Velocity to forces (Newtons)

In summary, the plane of mass 300 tonnes travels at a constant velocity of 100 m/s with an angle of ascent of 10° to the horizontal. The thrust produced by the engines is 9000kN. To determine the lift force acting on the wings and the resistance to motion, equations involving the vertical and horizontal forces must be solved as a system. The vertical forces include thrust, lift, weight, and drag, while the horizontal forces include thrust and drag. The thrust and drag have both horizontal and vertical components, which can be found using sine and cosine. Starting with the horizontal part may make it easier to solve for the drag.
  • #1
emperror123
2
0
1. an aeroplane of mass 300 tonnes during ascent travels at a constant velocity of 100 m/s. its angle of ascent is 10° to the horizontal. the trust produced by engines is 9000kN. Determine
i)the lift force acting on the wings
ii) the resistance to motion

i were trying to use f=ma, but the question didnt mention about the time, is it we need to convert 9000kN to acceleration in order to get time is second or can i get it from the question above, in other way i research via google with other website, some get F = 0N, is it possible?

secondly, the resistance is it = lift force or is it a drag force

thank
 
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  • #2
Welcome to PF, emperror.
The plane is not accelerating, so both the vertical and horizontal forces must be zero. For the vertical forces, you have a component of thrust upward, lift upward and the weight downward. You also have a component of the drag (resistance to motion) downward. Looks like two unknowns there, so you will have to write a similar equation for the horizontal forces and solve the two as a system.
 
  • #3
u mean i have to find the vertical axis 1st before i can do the horizontal axis?
and i can assume that the velocity with angle with 0N?

thrust is it on horizontal or vertical? cause u said that the thrust is upward (y-axis), make me doubt on whether is it horizontal or vertical

thank for you reply
 
  • #4
plane.jpg

Note that thrust and drag are partly horizontal and partly vertical.
You must use sine and cosine to get their horizontal and vertical components.
The vertical component of thrust will be 9000 kN *sin(10).
Recommend you start with the horizontal part; looks like it will be easy to solve for the drag.
 
Last edited:
  • #5
you

First, it is important to clarify that force and velocity are not directly related. Force is a vector quantity that describes the interaction between two objects, while velocity is a vector quantity that describes the rate of change of an object's position. However, the force of an object can affect its velocity.

In this scenario, we can use the formula F=ma to determine the lift force acting on the wings of the airplane. The mass (m) of the airplane is given as 300 tonnes, which is equivalent to 300,000 kg. The acceleration (a) can be calculated using the velocity (v) and angle of ascent (θ) as follows:

a = v²sinθ / g

Where g is the acceleration due to gravity (9.8 m/s²). Plugging in the values, we get:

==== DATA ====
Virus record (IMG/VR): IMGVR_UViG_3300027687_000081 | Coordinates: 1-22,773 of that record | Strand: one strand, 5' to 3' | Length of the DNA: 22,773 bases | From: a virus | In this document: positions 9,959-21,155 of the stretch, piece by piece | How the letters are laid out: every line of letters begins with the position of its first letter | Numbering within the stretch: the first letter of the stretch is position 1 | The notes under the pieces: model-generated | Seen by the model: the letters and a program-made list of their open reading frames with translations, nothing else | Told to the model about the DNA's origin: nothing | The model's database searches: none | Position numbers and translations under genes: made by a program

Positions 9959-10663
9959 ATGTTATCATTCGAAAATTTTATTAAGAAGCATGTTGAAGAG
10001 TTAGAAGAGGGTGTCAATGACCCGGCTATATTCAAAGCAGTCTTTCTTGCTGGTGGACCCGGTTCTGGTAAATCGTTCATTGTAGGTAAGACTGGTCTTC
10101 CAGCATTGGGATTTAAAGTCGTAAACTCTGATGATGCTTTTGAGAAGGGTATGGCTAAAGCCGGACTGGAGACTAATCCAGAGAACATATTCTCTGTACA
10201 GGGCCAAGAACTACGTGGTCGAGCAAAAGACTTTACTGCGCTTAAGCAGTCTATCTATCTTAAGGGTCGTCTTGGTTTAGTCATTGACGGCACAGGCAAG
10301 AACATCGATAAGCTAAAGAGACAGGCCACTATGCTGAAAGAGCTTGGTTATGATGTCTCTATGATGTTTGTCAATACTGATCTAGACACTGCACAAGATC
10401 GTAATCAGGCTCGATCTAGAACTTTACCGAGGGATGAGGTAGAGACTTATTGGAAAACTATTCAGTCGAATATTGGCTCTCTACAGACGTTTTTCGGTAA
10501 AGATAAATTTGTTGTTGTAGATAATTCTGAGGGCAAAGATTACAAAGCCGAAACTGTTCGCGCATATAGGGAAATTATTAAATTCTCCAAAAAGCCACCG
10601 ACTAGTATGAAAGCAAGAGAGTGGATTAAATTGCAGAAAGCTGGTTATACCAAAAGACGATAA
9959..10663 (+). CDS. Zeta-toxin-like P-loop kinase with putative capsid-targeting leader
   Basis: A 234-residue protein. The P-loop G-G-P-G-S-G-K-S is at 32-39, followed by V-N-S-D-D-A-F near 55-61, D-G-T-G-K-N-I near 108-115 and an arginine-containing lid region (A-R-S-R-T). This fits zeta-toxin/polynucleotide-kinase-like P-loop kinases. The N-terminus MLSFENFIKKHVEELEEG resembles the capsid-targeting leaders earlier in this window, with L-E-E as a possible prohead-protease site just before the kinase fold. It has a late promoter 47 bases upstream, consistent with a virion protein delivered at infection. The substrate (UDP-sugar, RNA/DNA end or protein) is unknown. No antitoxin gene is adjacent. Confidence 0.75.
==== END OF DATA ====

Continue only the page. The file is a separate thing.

a = (100 m/s)² x sin(10°) / (9.8 m/s²) = 17.3 m/s²

Now, we can calculate the lift force (F) using the formula:

F = ma = (300,000 kg) x (17.3 m/s²) = 5,190,000 N or 5.19 MN

This is the force exerted by the wings of the airplane to keep it in constant motion.

Next, the resistance to motion is not the same as the lift force. The resistance to motion, also known as drag force, is the force that opposes the motion of the airplane and is caused by factors such as air resistance and friction. It can be calculated using the formula:

R = ½ρv²ACd

Where ρ is the density of air, v is the velocity, A is the frontal area of the airplane, and Cd is the drag coefficient. Since these values are not given in the scenario, it is not possible to calculate the exact value of the resistance to motion. However, it is safe to assume that it will be a significant force considering the large size and speed of the airplane.

In conclusion, the lift force acting on the wings of the airplane is 5.19 MN and the resistance to motion, or drag force, is a force that opposes the motion of the airplane and cannot be accurately determined without additional information.
 

1. What is the relationship between velocity and forces?

The relationship between velocity and forces is described by Newton's Second Law of Motion, which states that the net force acting on an object is equal to its mass multiplied by its acceleration. This means that if an object's velocity changes, it must be experiencing a force.

2. How do you calculate forces from velocity?

To calculate forces from velocity, you would use Newton's Second Law of Motion and the formula F=ma, where F represents the force, m represents the mass of the object, and a represents the acceleration. By plugging in the values for mass and acceleration, you can solve for the force.

3. What unit is used to measure forces?

The unit used to measure forces is the Newton (N). This unit is named after Sir Isaac Newton, who first described the relationship between force and motion in his laws of motion.

4. How does velocity affect the magnitude of forces?

The magnitude of forces is directly proportional to velocity. This means that as an object's velocity increases, the force acting on it also increases. Conversely, if an object's velocity decreases, the force acting on it will also decrease.

5. Can velocity change without a force being applied?

No, according to Newton's First Law of Motion, an object will remain at rest or in motion at a constant velocity unless acted upon by an external force. This means that a change in velocity always requires a force to be applied.

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